Tired of reading about Pink Floyd? Sorry. During a pandemic, you do a lot of at home listening to music and it gets the mind thinking about existential subjects like the ones Pink Floyd covered in the 1970s. Let’s do something fun, take the best Pink Floyd albums, and solo albums, and pick the best dozen.
In recent blogs I’ve covered a lot of Pink Floyd ground, you might think I really like their music. Obviously, I do, but I’m also critical of their work. For many fans, criticizing any of their work is like disowning one of your own children. If you don’t love everything, you are not a true fan, some say. I love pie, but there are certain kinds I won’t eat. Cake, on the other hand…
Maybe it is unfair to mix group and solo albums. I have every Floyd album except for the early Syd Barrett stuff, but I am familiar with the material. I have nearly every solo album, and several of them I believe are so incredibly good, that I reach for them over some Floyd albums. Sacrilegious? Hardly.
12 albums ranked. Ready, set, go.
1. – Dark Side of the Moon (1973) Is there any doubt about the top album? If you haven’t listened to it recently, indulge yourself. Whatever device you now use for playing music, get up close and person with headphones or earbuds to hear the technical and creative wizardry. A landmark album, no wonder it stayed on Billboard for many years, it kept selling and selling. Is it rock? Is it progressive-rock? Is it psychedelic rock? Is that R&B I hear with a sprinkling of gospel? The songs defy categorization because no one had heard anything quite like it.
2. – Wish You Were Here (1975) This album sails passed a lot of people. The presence of Syd Barrett looms over this project. The album has a tougher, more industrial sound, and expectations were very high following Dark Side. This album came two years later, a really long time in those days. If you watch the documentary on the album and listen to the interviews, this was a hard album to make, and the strains within the band were evident. There is a lot of appreciate in this set of songs and as the years have gone by, this album is not in the shadow of its predecessor.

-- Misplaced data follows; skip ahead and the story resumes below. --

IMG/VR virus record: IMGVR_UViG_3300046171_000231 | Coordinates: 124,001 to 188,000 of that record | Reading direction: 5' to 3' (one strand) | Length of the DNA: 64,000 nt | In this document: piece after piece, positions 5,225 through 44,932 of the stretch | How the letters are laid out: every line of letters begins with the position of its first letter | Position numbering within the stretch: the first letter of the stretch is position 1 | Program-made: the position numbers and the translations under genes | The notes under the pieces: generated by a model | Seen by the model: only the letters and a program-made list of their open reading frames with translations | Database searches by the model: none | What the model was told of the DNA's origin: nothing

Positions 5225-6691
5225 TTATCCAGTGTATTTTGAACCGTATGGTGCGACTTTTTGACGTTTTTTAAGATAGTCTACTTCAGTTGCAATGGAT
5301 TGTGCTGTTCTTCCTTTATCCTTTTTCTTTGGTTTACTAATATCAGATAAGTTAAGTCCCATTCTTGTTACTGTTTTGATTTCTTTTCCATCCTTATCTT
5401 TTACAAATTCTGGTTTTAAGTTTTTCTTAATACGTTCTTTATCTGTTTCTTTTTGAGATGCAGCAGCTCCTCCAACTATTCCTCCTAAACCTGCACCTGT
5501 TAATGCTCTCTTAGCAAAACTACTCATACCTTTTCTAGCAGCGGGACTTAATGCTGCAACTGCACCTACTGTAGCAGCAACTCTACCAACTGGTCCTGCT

3. – On An Island (2006) – Gilmour I have recently written about this album, you can easily find it here on my site. Number three on my list, yes, it is that good.
4. – The Wall (1979) A transition album for the band. Waters in full command, he wrote and produced most of the songs, the other members had lesser roles. While this feels like Pink Floyd album, it is more of a Waters album. There is no denying the power of the theme and the production is outstanding. It rocks harder than you have seen in a while or would see in awhile. Pink Floyd at its most commercial.
5. – Wet Dream (1978) – Wright Who would have expected Rick Wright to deliver such a subtle, but powerful album? This album is overlooked and that is a shame. It has jazzy swirls and nice, gentle musical tones. It does rock, but it represents what Wright does best, competent musicianship and great style.
6. – Meddle (1971) This was really the precursor to Dark Side of the Moon. It has several songs that could have it on that album, but also has a looseness and variety of style that makes this a thoroughly engaging experience. Sometimes Pink Floyd sounds over-produced, but not here. The musicianship is excellent.
7. – The Division Bell (1994) The best of the post-Waters Pink Floyd albums. Not perfect, but has very good instrumentals and songs. Rick Wright returned to the band as a full-time member. I have a review of this album on another blog. I believe there are three or four classics on this album.
8. – David Gilmour (1978) – Gilmour The first solo release from Mr. Gilmour. I have also written about this album, so you can look for my review. This is a bluesy, hard rock, no frills effort. Full of riffs and guitar phasing, it is contains several songs that did not make Pink Floyd albums. There were no big hits or tracks that Gilmour would be playing in concert 30 years in the future, but as a whole, the album is very gratifying.
9. – Pulse (live) Live Pink Floyd, without Roger Waters. Recorded on The Division Bell tour, it featured the entire Dark Side of the Moon album, and a healthy selection from their latest album plus a few of their most popular songs. The closest thing to a Pink Floyd concert, with Gilmour, Mason and Wright.
10. – David Gilmour Live In Gdansk (2008) / Live at Pompeii (2017) – Gilmour Two live albums from Mr. Gilmour. I couldn’t pick just one because both offer some unique and wonderful solo and Pink Floyd songs. Gdansk features On An Island, which does not lose anything performed live. You get an assortment of Pink Floyd songs as well. Pompeii features songs from Rattle That Lock, and some Floyd songs not on his previous live release.
11. – Ummagumma (1969) A double album, one disc live, the other individual member studio tracks. The solo material is at times interesting, but excessive and meandering. The live tracks are wonderful, powerful and stellar. Pink Floyd unchained. During this phase of their career, the band was playing continuously and their musicianship and tightness shows.
12. – Amused to Death (1992) – I felt like I should included a Waters album, even though his output is less fulfilling that his band mates. Waters’ third solo album, another work that relates thematically about war, media and sensory overload. Waters’ solo work has never rivaled his Pink Floyd output, musically it lacks the bite and melodic strength, but thematically, when he hits the mark, it is very interesting. Good, but not great.